Exit Through the Gift Shop (Banksy, 2010) is something like a documentary, and an occasionally funny one at that, yet its intentions are more dubious than even the most preposterously pedagogical of political docs (or a covered Corey Maggette jumper). The real story of Gift Shop, it seems, is not necessarily its polarization (of which there is quite a bit), but its ability to confuse (i.e. coax) the audience into multitude of interpretations, reactions, and conspiracies. Personally, I’ve yet to be convinced Banksy’s foray into cinema is anything more than a smug practical joke with generic anti-capitalist sentiments, but such is the nature of enigma. In other enigmatic news, Gilbert Arenas stated last week that he and fellow Magic shooting guard J.J. Redick were in fact, “the two best white shooters in the league.” Gil later explained these comments with a coy smile, but most importantly, these goofy remarks constitute something of a return to form for the player formerly known as Agent Zero, who’s swag was most definitely phenomenal until severe knee injuries and a practical joke involving pistols in the locker room threatened to destroy his entire existence. Having been shipped off to the contending Magic in exchange for an empty clip (Rashard Lewis) to make room for injury sensation John Wall, fans worried that Arenas’ sui-generis personality might not fit in down in the sunshine state. Fortunately, his recent comments, not to mention his willingness to participate in choreographed pre-game dances (and the naming of “The Bench Mobb”) indicates that there might be new life for Gilbert. But are there second acts in American lives? F. Scott Fitzgerald didn’t seem to think so, but then again it doesn’t really pertain here, since Arenas isn’t of this planet, let alone America. I’m just hoping that by season’s end he’ll be comfortable enough to provide an answer to the age old question David Bowie once so enthusiastically posed: is there life on Mars?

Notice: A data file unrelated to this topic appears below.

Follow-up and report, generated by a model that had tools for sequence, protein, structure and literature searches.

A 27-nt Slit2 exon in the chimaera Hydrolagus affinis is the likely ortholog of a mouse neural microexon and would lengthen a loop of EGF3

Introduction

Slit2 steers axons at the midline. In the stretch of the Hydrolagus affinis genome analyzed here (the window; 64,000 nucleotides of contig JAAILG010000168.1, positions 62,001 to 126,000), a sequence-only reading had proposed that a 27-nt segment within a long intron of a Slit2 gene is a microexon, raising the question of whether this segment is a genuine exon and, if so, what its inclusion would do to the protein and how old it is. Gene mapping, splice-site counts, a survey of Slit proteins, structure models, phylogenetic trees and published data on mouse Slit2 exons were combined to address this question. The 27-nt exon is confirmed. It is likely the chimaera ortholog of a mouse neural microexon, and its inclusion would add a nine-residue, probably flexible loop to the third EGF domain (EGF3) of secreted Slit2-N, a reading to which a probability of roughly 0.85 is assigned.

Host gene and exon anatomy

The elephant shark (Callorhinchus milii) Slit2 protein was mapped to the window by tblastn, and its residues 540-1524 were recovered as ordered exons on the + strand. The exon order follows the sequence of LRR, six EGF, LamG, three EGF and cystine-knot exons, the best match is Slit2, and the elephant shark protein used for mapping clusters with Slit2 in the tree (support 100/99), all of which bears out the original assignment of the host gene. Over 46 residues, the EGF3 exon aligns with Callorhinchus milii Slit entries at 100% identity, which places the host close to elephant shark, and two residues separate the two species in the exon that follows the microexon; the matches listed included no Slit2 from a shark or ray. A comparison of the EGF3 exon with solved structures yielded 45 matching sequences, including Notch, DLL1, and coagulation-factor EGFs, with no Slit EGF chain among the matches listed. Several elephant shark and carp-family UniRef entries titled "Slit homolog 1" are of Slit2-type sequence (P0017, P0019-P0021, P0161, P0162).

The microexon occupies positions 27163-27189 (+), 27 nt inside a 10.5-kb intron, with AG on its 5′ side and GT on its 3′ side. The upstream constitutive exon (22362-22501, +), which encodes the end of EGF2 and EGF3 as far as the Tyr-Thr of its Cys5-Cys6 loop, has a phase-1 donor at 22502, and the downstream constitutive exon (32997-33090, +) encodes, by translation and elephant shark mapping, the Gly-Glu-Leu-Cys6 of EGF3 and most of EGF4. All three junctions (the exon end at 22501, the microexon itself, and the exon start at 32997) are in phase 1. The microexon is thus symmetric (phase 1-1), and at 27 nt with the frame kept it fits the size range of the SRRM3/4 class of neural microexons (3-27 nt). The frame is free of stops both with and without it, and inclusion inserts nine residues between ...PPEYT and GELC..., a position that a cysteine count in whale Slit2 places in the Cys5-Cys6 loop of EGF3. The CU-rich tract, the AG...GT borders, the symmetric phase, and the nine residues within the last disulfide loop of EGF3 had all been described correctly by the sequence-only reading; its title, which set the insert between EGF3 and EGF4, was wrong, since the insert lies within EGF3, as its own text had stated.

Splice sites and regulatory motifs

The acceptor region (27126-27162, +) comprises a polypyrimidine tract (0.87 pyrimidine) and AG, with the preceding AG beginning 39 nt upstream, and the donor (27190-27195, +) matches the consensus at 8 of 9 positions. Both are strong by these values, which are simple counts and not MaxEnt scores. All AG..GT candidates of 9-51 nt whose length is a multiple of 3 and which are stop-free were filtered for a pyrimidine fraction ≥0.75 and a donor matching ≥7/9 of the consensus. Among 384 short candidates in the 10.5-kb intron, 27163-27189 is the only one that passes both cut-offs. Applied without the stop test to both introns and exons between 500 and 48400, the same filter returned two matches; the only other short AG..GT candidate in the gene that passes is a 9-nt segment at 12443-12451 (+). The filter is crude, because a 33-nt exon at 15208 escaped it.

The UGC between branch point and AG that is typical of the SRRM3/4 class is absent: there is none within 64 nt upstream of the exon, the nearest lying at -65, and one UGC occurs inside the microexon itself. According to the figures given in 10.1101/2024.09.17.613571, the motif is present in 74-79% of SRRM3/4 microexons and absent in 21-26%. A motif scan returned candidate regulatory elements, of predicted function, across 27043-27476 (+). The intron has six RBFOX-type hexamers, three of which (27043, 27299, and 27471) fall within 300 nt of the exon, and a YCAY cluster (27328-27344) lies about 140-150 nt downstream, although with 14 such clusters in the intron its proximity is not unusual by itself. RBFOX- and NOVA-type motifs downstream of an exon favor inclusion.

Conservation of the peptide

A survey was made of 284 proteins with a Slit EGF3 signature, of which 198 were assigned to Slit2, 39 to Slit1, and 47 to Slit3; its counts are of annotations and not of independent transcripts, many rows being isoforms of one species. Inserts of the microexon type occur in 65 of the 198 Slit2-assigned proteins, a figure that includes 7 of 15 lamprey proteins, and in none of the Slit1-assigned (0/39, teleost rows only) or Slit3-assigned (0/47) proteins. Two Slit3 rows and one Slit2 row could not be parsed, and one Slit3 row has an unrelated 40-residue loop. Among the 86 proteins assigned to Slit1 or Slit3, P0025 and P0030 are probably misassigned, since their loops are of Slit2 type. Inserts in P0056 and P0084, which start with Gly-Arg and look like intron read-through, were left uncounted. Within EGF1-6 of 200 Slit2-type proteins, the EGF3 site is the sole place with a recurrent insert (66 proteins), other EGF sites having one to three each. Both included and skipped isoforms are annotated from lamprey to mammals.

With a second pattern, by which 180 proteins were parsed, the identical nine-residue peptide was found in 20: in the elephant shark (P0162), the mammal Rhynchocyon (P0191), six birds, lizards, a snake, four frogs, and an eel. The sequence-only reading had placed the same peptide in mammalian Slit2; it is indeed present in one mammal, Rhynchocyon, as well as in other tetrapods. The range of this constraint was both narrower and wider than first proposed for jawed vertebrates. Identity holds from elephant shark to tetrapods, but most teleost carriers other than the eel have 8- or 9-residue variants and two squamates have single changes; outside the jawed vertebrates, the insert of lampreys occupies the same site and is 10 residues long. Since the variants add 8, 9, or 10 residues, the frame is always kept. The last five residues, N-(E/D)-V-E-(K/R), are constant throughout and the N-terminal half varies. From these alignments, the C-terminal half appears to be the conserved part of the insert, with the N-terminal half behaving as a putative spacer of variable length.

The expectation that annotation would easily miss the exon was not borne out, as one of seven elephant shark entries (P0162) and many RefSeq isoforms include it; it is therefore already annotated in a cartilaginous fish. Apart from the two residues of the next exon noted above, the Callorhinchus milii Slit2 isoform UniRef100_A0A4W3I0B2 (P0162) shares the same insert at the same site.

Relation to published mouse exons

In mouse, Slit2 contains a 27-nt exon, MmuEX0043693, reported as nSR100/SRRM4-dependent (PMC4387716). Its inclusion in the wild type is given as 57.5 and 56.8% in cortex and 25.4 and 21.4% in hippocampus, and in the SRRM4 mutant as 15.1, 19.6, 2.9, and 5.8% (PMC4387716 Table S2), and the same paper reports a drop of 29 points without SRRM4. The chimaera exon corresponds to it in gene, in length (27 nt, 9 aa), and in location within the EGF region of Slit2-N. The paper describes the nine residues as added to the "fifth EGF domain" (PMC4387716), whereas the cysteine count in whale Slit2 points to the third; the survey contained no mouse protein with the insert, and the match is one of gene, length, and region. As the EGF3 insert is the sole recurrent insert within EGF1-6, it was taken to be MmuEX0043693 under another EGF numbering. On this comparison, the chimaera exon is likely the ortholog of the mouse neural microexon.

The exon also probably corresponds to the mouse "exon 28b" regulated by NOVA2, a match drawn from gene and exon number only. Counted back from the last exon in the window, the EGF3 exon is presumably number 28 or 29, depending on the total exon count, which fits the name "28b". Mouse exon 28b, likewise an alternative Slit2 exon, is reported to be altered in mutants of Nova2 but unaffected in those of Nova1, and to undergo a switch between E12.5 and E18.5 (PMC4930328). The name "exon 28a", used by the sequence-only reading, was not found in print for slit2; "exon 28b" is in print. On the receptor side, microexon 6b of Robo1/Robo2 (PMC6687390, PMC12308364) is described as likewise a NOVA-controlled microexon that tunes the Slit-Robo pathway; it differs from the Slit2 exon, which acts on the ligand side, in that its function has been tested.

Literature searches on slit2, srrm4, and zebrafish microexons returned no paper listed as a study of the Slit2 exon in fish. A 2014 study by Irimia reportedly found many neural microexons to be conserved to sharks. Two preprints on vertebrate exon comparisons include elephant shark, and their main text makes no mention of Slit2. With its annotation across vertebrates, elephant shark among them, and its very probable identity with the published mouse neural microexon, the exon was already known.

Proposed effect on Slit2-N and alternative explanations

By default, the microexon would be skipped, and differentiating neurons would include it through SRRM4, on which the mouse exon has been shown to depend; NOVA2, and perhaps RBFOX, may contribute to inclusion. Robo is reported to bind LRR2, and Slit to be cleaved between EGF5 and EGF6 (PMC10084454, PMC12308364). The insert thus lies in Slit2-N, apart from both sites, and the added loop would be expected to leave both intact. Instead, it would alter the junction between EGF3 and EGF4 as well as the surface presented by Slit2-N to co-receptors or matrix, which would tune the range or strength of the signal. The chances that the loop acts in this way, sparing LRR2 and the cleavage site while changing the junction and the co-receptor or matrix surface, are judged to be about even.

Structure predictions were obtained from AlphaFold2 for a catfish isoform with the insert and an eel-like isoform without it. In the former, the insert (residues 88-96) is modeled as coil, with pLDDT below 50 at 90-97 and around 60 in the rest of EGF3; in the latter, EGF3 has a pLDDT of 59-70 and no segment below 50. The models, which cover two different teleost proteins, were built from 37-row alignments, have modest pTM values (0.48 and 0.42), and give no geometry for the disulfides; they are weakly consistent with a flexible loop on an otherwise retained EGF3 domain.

The Town (Ben Affleck, 2010) is a tightly crafted heist film about working class bank robbers, and despite its well documented misfortune in the forced/improbable relationship department, it excels in its action and novelistic detail, updating the heist genre for the new millennium while making its getaways even more probable on the unreasonably narrow streets of Boston. Taking stylistic cues from Michael Mann’s Heat as well as Kathryn Bigelow’s Point Break, writer/director/star Ben Affleck handles his duties deftly, and frankly, I wouldn’t mind if he made it his business to direct a crime film set in Boston every few years or so for the rest of his life. While it might be a bit obvious now to relate this back to the Celtics, we must remember that the last time Affleck made a film (2007’s grisly mystery Gone Baby Gone), the Celtics won a world championship. And as of right now, they are sitting near the top of the Eastern Conference at an impressive 28-9. Not bad for a bunch of old men and an alien, which also happens to be the name of a new sitcom I’m writing. But seriously, the Celtics would make a great heist team: Rondo heading it up as a master engineer and logistical prodigy, Kevin Garnett as the unhinged and violent counterpart inspired by Jeremy Renner doing a Garnett impression, and Pierce and Allen as the more than reliable role players/wingmen willing to step up on any occasion.